Newspaper article Sarasota Herald Tribune

SINATRA DYLAN and Those Depressing Songs

Newspaper article Sarasota Herald Tribune

SINATRA DYLAN and Those Depressing Songs

Article excerpt

Frank Sinatra would have turned 100 this year and the calendar is peppered with centennial celebrations, including a couple local ones. Most people these days tend to picture the Chairman of the Board as the singer heard on breezy, spotlessly sung albums such as "Nice 'N' Easy," "Strangers in the Night" and the vibrant, often hilarious, classic live album "Sinatra at The Sands." Of course, others are drawn to the sullen Sinatra. At least one major entertainer of today, it seems, is obsessed with Sinatra's saddest of saloon songs.

While music critics have piled praise on Bob Dylan's new album "Shadows in the Night," a collection of standards recorded by Sinatra, the vast majority of those numbers will not be heard Saturday during the "The Sinatra Centennial starring Michael Feinstein" at the Van Wezel Performing Arts Hall in Sarasota. Also, don't expect to hear many, if any, "Shadows in the Night" tracks at the "Sinatra Centennial Celebration with The Nelson Riddle Orchestra" on Tuesday at Ruth Eckerd Hall in Clearwater.

The reasons are simple. The songs are not known by the average Sinatra enthusiast. Moreover, Dylan chose to record some of the most downright depressing songs ever associated with Sinatra.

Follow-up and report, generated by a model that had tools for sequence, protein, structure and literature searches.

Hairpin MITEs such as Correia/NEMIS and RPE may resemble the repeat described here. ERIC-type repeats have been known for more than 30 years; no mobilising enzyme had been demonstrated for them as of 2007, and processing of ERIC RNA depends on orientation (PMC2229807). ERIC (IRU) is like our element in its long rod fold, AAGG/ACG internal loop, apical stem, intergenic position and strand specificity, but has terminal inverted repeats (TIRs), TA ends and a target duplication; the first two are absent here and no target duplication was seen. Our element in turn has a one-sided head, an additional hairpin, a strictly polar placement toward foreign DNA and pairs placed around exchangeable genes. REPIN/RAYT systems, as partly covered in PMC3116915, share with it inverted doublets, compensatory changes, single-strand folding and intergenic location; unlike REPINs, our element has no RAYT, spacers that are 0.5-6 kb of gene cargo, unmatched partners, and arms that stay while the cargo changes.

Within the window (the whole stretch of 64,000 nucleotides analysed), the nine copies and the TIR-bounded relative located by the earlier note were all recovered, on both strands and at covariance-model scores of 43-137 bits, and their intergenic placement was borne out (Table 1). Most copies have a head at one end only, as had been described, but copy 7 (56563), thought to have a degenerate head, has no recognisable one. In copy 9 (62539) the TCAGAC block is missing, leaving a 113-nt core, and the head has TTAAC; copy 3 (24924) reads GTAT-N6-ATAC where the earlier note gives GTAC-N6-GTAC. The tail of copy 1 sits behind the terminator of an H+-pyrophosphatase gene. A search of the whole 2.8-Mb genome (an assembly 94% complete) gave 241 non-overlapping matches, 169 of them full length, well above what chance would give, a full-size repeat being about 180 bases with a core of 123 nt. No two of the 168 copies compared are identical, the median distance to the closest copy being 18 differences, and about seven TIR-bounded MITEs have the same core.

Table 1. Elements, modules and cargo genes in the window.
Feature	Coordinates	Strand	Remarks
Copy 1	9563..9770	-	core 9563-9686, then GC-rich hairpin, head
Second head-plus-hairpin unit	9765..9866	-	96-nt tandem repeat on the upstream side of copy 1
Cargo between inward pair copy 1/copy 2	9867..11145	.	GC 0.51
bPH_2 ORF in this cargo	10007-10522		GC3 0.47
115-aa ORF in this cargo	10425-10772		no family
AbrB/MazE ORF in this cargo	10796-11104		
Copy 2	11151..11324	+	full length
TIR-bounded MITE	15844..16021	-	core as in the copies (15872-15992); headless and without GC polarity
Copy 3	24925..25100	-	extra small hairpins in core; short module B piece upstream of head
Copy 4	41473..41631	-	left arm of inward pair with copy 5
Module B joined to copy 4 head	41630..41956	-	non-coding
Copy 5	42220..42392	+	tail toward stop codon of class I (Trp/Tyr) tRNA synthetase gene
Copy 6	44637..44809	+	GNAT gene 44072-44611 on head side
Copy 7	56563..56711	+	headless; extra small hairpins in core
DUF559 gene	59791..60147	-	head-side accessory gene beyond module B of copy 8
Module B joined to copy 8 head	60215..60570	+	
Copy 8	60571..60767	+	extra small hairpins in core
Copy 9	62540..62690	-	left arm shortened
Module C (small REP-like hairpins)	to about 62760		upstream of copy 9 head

Critics have lauded Dylan, who also produced "Shadows in the Night," for recording the songs in a stripped-down manner featuring just his five-piece touring band augmented by several horn players offering subtle coloring. It is a distinctive, mostly successful rendering. Dylan's vocals, although craggy beyond the tolerance of many, imbue the lyrics with a sensitivity that reinforces the argument that his skill as an interpreter is as great as his celebrated songwriting.

"Shadows in the Night" is also the result of a winning pairing of songs and singer, one who has spent plenty of time with the material. After all, it is an album Dylan has been preparing for since at least the 1980s when he recorded (but never released) "This Was My Love" and performed the song in concert. "This Was My Love" is most famously found today on the current version of Sinatra's 1959 album "No One Cares." "Shadows in the Night" also includes Dylan's renditions of the "No One Cares" cut "Why Try to Change Me Now? …

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